The economic impact of auto accidents in the United States, whether you are involved or not, was $340 billion, or $1,035 per person, in 2019, according to the most recent report from the National Transportation and Safety Administration in the United States. Highways (NHTSA)
For those who have been fortunate enough to drive without being in an accident, these reports might sound like something completely foreign, but the economic consequences of road accidents affect all drivers due to a long list of factors, which are not discovered but even after the accidents.
The main consequence for all drivers is the rising cost of auto insurance policies, which according to industry projections, will increase 8.4% in 2023, the highest increase since 2017.
But there are other costs associated with accidents that may surprise uninvolved motorists.
For example, government entities funded by taxpayer dollars are involved at almost every level of a car accident, and that costs you money whether you are involved or not.
“Public revenue paid for approximately 9% of all auto accident costs, costing taxpayers $30 billion in 2019, which is equivalent to $230 in additional taxes for every household in the United States,” the report from the agency said. NHTSA. “Alcohol-related accidents accounted for $69 billion or 20% of all economic costs. Alcohol was the cause of the crashes in approximately 82% of these cases, causing $57 billion in costs. Distracted driving accidents cost $98 billion.”
The total of the astronomical figure of all the accidents, again of $340 billion, represented 1.6% of the Gross Domestic Product (GDP) of the United States that year. That is everything that was produced in the country in 2019, and, according to the NHTSA estimate, the actual individual cost is more than $1.4 billion, when all the quality of life factors that are affected are included. after an accident like:
–Loss of market and household productivity: $106 billion
–Property damage: $115 billion dollars
–Medical expenses: $31 billion dollars
–Congestion caused by crashes (including travel delays, excessive fuel consumption, greenhouse gases and pollutants): $36 billion.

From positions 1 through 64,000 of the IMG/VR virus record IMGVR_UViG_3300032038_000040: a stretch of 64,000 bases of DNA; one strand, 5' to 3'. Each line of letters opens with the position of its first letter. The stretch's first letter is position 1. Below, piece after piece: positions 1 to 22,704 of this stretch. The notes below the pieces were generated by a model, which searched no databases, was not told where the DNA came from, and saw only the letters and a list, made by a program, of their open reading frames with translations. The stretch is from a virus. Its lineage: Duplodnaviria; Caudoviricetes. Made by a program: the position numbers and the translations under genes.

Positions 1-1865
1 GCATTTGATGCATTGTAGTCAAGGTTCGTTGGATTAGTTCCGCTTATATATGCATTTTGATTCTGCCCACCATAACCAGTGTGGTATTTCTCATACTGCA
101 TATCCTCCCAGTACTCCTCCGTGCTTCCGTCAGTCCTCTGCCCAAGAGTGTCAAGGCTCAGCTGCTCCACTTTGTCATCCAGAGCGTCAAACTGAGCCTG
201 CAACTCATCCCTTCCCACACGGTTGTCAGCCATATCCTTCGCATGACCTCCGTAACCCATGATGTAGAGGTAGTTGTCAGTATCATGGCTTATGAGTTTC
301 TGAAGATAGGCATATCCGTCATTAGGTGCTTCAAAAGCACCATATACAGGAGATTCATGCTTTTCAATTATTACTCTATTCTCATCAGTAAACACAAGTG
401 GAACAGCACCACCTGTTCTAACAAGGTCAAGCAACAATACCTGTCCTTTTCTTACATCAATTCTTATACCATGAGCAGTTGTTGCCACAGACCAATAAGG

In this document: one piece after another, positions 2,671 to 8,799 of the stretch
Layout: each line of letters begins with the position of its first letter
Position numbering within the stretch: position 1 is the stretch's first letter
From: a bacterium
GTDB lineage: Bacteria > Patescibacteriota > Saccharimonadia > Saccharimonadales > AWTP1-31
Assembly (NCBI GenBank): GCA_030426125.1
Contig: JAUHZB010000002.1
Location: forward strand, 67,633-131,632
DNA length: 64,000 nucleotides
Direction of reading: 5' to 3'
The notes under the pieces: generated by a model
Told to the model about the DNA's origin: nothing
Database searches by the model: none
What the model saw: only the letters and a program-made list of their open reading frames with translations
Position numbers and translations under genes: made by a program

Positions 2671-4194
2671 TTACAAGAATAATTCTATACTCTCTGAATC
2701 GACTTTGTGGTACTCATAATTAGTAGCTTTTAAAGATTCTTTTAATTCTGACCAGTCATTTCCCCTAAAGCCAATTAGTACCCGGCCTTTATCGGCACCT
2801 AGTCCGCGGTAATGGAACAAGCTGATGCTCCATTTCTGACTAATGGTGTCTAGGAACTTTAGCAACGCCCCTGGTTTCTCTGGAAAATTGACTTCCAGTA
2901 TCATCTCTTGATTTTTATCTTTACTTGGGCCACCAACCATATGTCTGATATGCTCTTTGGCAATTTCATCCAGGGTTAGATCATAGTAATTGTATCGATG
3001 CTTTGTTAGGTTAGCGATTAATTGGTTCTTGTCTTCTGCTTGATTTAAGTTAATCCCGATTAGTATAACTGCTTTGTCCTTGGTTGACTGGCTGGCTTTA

–Others: $51.4 million dollars.
Additionally, the NHTSA says that each of the 36,500 deaths recorded in 2019 represented $1.6 million in economic costs (or $11.3 million when quality of life assessments are considered).
Not everything is negative
The only good news from the report is that the total number of deaths that year was down significantly from the last time the analysis was done (2010).
“This is an encouraging trend, and it is even more impressive in light of increasing population and generally increasing travel rates over time,” the report said. “Some aspects of this decline are likely to continue and even accelerate as the older on-road fleet is replaced by newer vehicles with advanced safety features such as automatic emergency braking and other advanced crash avoidance systems.” .
According to the NHTSA the number of deaths fell to new lows in the years after the Great Recession, settling on a trend line of nearly 5,000 deaths below pre-recession levels, but because these data predate the pandemic, do not reflect the increase in deaths seen in late 2020, 2021 and early 2022.
“Initial indications are that the impacts of COVID were complex, reducing travel due to the economic shutdown, but allowing more speeding due to less traffic congestion (which may have contributed to more fatalities),” the NHTSA said. “These impacts may be temporary, but the long-term impact of COVID on work habits, specifically normalizing teleworking, may have more significant implications for traffic accidents in years to come.”
Other hidden costs of driving
And even when there are no accidents, the average driver in the United States lost 51 hours of their time and $869 in 2022, simply due to traffic, which causes us to be late, miss job opportunities and simply burn gas without moving forward, according to the 2023 edition of the annual report of the Best and Worst Cities to Drive in America, from Wallethub.
The United States also has eight of the 25 worst cities in the world for traffic and 19 of the worst 25 in North America and 5 of the 10 worst traffic in the world.
And according to the World Economic Forum, the United States ranks 17th out of 141 countries when it comes to road quality, leading to more car breakdowns and a more frequent rate of need for maintenance. .
So the next time you’re about to take the wheel of your car, it might be worth doing the math first. You could lose more money than you may be going out to find.